Giant penguin hoax

The giant penguin is a cryptid, allegedly seen in Florida during the 1940s. The legend has no scientific merit and is at least partly documented to have been a hoax.


In 1948, several people reported finding large, three-toed animal tracks at Clearwater Beach in Florida. Later, more tracks were found along the shore of Suwannee River, 40 miles (60 kilometers) from the ocean. A young couple also reported having been harassed by a large creature that had risen from the ocean.

Later that year a giant penguin was allegedly sighted at distance. The huge bird was described as 15 feet (4.5 meters) tall, and having alligator-like feet. During this same period, people in a boat off the Florida gulf coast reported seeing an extremely large penguin-like bird floating on the water. These incidents were reported in several newspapers. Later that year, another huge, penguin-like bird was allegedly seen from an airplane on the banks of the Suwannee River in northern Florida. The sighter, zoologist Ivan T. Sanderson, declared that the creature was a giant penguin that had somehow been driven away from its natural habitat.

On April 11, 1988, St. Petersburg Times reporter Jan Kirby revealed that the penguin hoax had been perpetrated by Tony Signorini and Al Williams, a locally known prankster who died in 1969. Signorini stated they had been inspired by a photograph of fossilized dinosaur tracks, and showed the reporter the huge penguin feet made of iron used in creating the tracks.[1] The other sightings are either also hoaxes or based on observer error; some sharks might resemble a giant penguin when seen from above under adverse conditions, for example.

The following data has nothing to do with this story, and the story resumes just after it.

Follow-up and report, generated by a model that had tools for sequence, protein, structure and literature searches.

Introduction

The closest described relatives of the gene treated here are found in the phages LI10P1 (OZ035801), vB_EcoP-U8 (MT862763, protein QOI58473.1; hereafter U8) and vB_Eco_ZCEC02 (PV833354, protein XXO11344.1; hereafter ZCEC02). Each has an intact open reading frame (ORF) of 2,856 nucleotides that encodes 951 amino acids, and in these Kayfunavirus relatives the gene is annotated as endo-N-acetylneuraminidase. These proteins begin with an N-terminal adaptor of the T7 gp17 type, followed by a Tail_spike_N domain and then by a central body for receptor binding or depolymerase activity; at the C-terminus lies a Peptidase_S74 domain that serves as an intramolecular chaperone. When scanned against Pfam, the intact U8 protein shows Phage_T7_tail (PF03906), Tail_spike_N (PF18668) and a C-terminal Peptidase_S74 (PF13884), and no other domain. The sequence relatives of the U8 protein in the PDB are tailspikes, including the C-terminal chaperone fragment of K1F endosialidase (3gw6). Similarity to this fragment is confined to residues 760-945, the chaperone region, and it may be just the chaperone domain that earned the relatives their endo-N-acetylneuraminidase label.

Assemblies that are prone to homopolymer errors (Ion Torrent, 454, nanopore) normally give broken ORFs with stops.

There were numerous prehistoric species of gigantic penguins (such as Pachydyptes ponderosus and Anthropornis nordenskjoeldi; see also Palaeeudyptinae). These are known from considerable amounts of fossil remains, but all such lineages certainly became extinct some 25 mya at latest; they were never encountered alive by humans, and just barely were contemporaries of the earliest hominids.

Actual prehistoric megafaunal birds only occurred in South Pacific and Cape Horn ocean waters. No ecological niche is known to have existed anywhere which could have ensured their post-Paleogene survival, as their known habitat and the neighboring regions are known to have been continuously inhabited by other penguin species and similar competitor taxa ever since.

Giant penguins based on the fossil finds also appear in Jules Verne's novel Journey to the Center of the Earth, and in At the Mountains of Madness by H. P. Lovecraft. In the latter case, they are found in a fictitious Antarctic underground setting and their presence is given a comparatively plausible evolutionary explanation.



  1. Jan Kirby. "Clearwater can relax; monster is unmasked". St. Petersburg Times. 1988-06-11. 1D.
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